Pittak's Isshinryu Karate

Isshin-ryu Karate

Isshin-ryu Karate is the one heart method of empty hand fighting founded by Master Tatsuo Shimabuku.  It is not a way to violence, but a way to avoid violence if possible and to handle it if not.   The Isshin-ryu system combines the Shorin-ryu and Goju-ryu styles.  Master Shimabuku (1906-1976) devoted approximately 57 years of his life to Karate.  Upon the Master's death his son, Kichiro Shimabuku, became the 10th dan master of Isshin-ryu.  He is the current head of the Isshin-ryu World Karate Association (IWKA).
Japanese martial arts are more straight line fighting styles than the circular techniques of their Chinese cousins. Commonly called karate by those of us in the West, Japanese arts range from empty hand martial systems to joint locking and throwing systems to styles devoted entirely to weapons' practice.

The art of karate (kara-te), which means empty hand, is commonly believed to have come to Japan from the island of Okinawa, where fighting with weapons was banned for many years. Ancient Okinawan traders visited China's Fukien Province and brought back the martial techniques of China's southern Shaolin temple. The Okinawans developed such an effective self-defense system that many Japanese masters wanted it as their own. It was brought to the Japanese mainland in 1922 and eventually became the best known Japanese martial art.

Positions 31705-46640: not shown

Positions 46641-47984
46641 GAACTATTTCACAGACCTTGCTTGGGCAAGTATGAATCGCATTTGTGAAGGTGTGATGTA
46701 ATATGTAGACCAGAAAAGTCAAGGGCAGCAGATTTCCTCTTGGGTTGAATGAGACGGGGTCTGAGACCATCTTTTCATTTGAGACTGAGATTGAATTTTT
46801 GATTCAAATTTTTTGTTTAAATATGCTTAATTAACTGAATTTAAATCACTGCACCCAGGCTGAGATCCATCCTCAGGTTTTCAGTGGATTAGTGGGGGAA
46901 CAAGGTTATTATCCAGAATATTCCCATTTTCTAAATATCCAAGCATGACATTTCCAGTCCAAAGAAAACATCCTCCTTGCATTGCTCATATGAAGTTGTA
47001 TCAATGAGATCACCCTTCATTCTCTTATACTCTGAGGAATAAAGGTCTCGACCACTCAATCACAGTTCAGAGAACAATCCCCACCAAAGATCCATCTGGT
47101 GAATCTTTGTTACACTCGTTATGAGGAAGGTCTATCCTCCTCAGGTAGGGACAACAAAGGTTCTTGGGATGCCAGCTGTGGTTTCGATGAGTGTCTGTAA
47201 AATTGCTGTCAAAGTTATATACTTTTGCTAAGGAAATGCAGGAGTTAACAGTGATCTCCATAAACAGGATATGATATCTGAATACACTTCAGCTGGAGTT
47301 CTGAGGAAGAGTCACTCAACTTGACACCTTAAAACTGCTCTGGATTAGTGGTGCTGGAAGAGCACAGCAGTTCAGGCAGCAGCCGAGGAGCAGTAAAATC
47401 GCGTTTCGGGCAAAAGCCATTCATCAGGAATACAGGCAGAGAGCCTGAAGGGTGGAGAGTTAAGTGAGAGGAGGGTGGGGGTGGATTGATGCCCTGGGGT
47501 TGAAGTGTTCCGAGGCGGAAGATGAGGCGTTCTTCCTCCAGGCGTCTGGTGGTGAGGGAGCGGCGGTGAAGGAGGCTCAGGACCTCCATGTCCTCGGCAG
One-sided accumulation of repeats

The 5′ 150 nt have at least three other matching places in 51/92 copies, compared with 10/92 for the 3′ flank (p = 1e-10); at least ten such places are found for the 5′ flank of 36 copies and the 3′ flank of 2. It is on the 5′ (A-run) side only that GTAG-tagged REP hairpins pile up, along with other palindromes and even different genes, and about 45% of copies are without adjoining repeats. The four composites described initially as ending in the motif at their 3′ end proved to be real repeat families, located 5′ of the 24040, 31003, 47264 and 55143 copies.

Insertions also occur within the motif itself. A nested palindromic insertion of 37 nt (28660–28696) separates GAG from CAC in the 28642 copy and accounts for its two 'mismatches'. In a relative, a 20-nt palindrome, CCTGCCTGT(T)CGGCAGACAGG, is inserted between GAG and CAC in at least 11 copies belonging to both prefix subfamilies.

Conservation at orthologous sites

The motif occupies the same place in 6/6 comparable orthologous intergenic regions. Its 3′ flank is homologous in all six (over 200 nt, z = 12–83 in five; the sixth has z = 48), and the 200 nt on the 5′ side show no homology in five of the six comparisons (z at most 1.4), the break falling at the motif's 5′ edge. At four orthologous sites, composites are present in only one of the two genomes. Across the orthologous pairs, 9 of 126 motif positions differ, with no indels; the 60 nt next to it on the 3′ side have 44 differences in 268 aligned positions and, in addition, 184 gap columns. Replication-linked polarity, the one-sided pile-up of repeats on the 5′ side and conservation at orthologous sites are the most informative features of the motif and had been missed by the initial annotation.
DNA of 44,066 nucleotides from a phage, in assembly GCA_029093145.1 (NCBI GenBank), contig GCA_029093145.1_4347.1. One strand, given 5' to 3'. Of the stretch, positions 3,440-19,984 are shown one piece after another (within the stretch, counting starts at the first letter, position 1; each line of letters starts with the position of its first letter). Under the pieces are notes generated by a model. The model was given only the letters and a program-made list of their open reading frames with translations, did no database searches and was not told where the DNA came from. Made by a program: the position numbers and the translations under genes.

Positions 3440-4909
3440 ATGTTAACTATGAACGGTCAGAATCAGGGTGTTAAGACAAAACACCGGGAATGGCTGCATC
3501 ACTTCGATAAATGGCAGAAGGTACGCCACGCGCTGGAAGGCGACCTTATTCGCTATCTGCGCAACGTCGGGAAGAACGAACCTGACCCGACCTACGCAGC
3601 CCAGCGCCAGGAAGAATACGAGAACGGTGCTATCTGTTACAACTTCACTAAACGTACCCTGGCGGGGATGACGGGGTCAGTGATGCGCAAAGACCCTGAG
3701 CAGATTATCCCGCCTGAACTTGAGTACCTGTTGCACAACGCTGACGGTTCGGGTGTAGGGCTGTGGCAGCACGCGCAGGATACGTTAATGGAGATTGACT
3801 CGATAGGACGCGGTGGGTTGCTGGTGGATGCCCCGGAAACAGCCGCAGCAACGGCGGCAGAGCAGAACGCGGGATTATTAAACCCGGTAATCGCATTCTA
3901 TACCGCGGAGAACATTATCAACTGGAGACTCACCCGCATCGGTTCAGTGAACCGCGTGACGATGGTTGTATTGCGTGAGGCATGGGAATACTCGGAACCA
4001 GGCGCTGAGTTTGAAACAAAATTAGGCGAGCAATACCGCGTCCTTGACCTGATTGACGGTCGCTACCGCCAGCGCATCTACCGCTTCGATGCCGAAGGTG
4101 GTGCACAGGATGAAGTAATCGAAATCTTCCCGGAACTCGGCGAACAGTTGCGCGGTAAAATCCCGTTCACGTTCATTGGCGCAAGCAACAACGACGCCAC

The Aikido mindset is to view a hostile person not as an enemy, but as someone in need of control and protection.  The techniques of Aikido consist of throwing and grappling.  Practice involves two people, with one person acting in the role of the attacker and the other performing the technique.  Aikido includes both circular and linear movements and techniques usually conclude with the attacker(s) protecting themselves using one of several types of falling techniques.


Iaido is a modern, non-combative physical and mental discipline based on the proficient use of the traditional Japanese sword.  Among the various Japanese martial arts, it is perhaps the most introspective.  Iaido has no self-defense applications.  Its exercises are mentally engaging and can be considered a form of meditation.


Kendo is Japanese fencing.  It is the oldest and most popular among the widely practiced martial arts ways (Budo) in Japan.  Training consists of single and paired drills and free practice.


Ninjutsu is a Japanese martial art. Practice often involves two people, with one person receiving the technique while the other person performs the technique. NINJUTSU features Taihenjutsu (rolling, falling, conditioning, and agility exercises), Dakentaijutsu (striking techniques), Jutaijutsu (throwing, grappling, and joint lock techniques), and Weapon Techniques (sword, knife, stick, baton, cord, chain, throwing star, etc.) 


Chanoyu, or the Japanese Tea Ceremony, is the ancient practice of serving tea according to the strict ritual that defines the manner in which tea is prepared and served.  The main point in Chanoyu is the appreciation of beauty, simplicity and the spiritual tranquility that forms the essential principals of zen. 


Sodo, or Japanese Calligraphy, from ancient times has been called "a picture of the heart". Black letters painted in ink are an expression of the painter's spirit and devotion to calligraphy which amounts to a meditation usually associated with the world of prayer.

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